Jun 23 2018167 North Korea Part Fifteen, How North Korea Ends

This week we close out our look at North Korea with three different scenarios for the future: War, reform, and reunification. None of the these futures are good. A war would kill millions. Reform could entrench a brutal dictatorship. Reunification could create an impoverished underclass in a new Korea for a generation.

Image via CNN.

Jun 04 2018166 North Korea Part Fourteen, How to Escape From North Korea

Escaping North Korea is difficult, but it can be done. Notable escapees include Choi Eun-Hee and Shin Sang-Ok, a South Korean actress and director who Kim Jong Il captured and forced to make movies, like the Godzilla knockoff Pulgasari, pictured below. Kenji Fujimoto is the pseudonym for Kim’s personal chef who escaped to Japan in 2001. But, the vast majority of North Koreans escape the country because of famine and desperation, and the trip is a long and arduous one through China and Southeast Asia.

May 23 2018165 Happy Defenestration Day!

Happy Defenestration Day! On May 23rd, 1618 a bunch of angry Bohemian nobles shoved some government officials out of a window. The Second Defenestration of Prague kicked off the Thirty Years’ War, but today we mark it as a sesquipedalian occasion to celebrate very large words.

May 09 2018163 North Korea Part Twelve, Kim Jong Il and the Arduous March of Famine

The transition of power from Kim Il Sung to Kim Jong Il was a gradual one. From 1980 until 1994, it’s probably that the younger Kim did most of the day-to-day ruling of North Korea, with Kim Il Sung acting in a more removed capacity. When Kim Il Sung did die, it was at an opportune time. His son assumed power in 1994, just in time to preside over a famine that would kill over two million North Korean citizens.

Apr 24 2018161 North Korea Part Eleven, The Tomb of the Eternal President

The 1980s and early 1990s were a bad time for North Korea. The DPRK had to endure South Korea hosting the 1988 Olympics, the country sunk billions of dollars into wasteful infrastructure projects, and the Cold War ended, depriving them of Soviet aid. After that, North Korea suffered a symbolic blow in 1994 when Kim Il Sung, the Great Leader, died at the age of eighty two.

Apr 12 2018160 North Korea Part Ten, “Meanwhile, in South Korea!”

For years South Korea was a dysfunctional military dictatorship under leaders like Rhee Syngman and Park Chun Hee. Assassination, martial law, and political repression were the order of the day. North Korean propaganda was able to exploit the militarism, chaos, and violence in their neighbor in propaganda, but after democratic reforms in the 1980s, the relative stability of the Korean peninsula is very different. For the most part. South Korea still does have the occasional presidential scandal.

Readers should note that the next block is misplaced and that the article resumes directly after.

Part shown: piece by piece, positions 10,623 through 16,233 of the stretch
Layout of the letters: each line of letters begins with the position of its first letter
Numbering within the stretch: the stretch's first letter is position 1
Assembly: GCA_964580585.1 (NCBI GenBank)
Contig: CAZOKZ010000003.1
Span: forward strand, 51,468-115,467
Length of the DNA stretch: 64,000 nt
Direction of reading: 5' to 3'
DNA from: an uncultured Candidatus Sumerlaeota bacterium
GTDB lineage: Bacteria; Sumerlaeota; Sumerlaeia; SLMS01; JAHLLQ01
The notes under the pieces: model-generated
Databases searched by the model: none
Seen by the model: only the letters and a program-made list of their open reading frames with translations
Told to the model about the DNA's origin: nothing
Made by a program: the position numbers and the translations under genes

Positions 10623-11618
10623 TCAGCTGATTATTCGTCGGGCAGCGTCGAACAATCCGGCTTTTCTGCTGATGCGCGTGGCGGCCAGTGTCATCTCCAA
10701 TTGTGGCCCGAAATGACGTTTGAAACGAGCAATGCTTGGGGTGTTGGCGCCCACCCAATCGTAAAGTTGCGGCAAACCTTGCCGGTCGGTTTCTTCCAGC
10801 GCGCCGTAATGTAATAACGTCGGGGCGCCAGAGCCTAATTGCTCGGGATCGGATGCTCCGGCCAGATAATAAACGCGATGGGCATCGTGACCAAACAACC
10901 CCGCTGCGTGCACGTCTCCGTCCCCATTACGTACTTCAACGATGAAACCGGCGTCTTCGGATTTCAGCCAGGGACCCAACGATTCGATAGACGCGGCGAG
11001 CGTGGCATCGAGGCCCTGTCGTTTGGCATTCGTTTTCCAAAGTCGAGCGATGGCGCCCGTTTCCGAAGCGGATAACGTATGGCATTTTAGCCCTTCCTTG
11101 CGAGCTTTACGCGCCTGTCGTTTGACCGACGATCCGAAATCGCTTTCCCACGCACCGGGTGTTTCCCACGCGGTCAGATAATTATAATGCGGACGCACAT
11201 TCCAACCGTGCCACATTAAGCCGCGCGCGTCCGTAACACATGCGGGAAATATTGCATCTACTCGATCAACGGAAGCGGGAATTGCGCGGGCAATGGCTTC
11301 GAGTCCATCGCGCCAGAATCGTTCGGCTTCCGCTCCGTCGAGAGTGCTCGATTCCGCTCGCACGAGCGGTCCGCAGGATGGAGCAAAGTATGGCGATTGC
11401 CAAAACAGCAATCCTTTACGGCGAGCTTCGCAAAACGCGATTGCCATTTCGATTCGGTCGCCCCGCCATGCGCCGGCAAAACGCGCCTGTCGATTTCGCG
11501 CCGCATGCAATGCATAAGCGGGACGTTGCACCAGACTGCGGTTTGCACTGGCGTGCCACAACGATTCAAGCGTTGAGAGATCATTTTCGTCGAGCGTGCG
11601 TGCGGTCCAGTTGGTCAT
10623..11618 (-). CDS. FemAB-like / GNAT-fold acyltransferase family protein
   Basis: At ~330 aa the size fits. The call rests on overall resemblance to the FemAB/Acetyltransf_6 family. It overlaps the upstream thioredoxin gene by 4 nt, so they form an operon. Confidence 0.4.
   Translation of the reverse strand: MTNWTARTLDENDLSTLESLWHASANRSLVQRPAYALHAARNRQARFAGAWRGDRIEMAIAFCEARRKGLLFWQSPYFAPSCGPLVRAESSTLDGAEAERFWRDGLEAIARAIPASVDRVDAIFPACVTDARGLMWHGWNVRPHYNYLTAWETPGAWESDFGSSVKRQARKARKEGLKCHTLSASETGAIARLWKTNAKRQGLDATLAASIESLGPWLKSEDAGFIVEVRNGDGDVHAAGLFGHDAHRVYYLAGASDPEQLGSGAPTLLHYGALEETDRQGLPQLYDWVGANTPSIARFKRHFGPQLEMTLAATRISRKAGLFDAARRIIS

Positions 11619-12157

Mar 28 2018158 North Korea Part Nine, The DMZ, Assassinations, and the USS Pueblo

During the Cold War, North Korea primarily interacted with South Korea and the United States via building the DMZ, several assassination attempts on South Korean presidents, and the taking of the USS Pueblo, the crew of which are pictured below. Note how they held their fingers when being photographed by their North Korean captors.

Feb 12 2018154 North Korea Part Five, The Spark of War

Prior to the Korean War, both North and South saw themselves as the legitimate government for the entire peninsula. At the time, the North was considered the more advanced, industrialized part of the peninsula, and Kim Il Sung believed that he could win a war with the more rural South. Stalin gave Kim permission for an invasion, and the Soviet premier believed that the war would be small, regional, and over quickly. However, the United States was able to mobilize the United Nations for what was termed a “police action” to intervene on the peninsula. The was would be regional, but it would drag on for years and involve several major world powers.

Feb 06 2018153 North Korea, Part Four: Red(ish) Dawn

After WWII, the Korean peninsula was briefly united again as The People’s Republic of Korea. However, the unification wouldn’t last. American and Soviet forces divided the peninsula along the 38th parallel, and in the north the Soviet Union set about creating a puppet state. However, the leader they chose, Kim Il Sung, and the founding ideology of their new state would not play out entirely as they had planned.

Jan 29 2018152 North Korea, Part Three: Collaborators, Resistors, and Kim Il Sung

Japanese occupation changed North Korea, with various citizens either collaborating with or actively resisting it. One of those resistors was a guerrilla fighter named Kim Song Ju, who would later be known as Kim Il Sung. If you believe North Korean propaganda (which you shouldn’t) Kim Il Sung was born of humble farmers and formed a secret Korean resistance during the occupation. In fact, his grandfather was a Protestant minister, he spent most of his youth in China, and the units he fought with were organized either by the Chinese or Russians.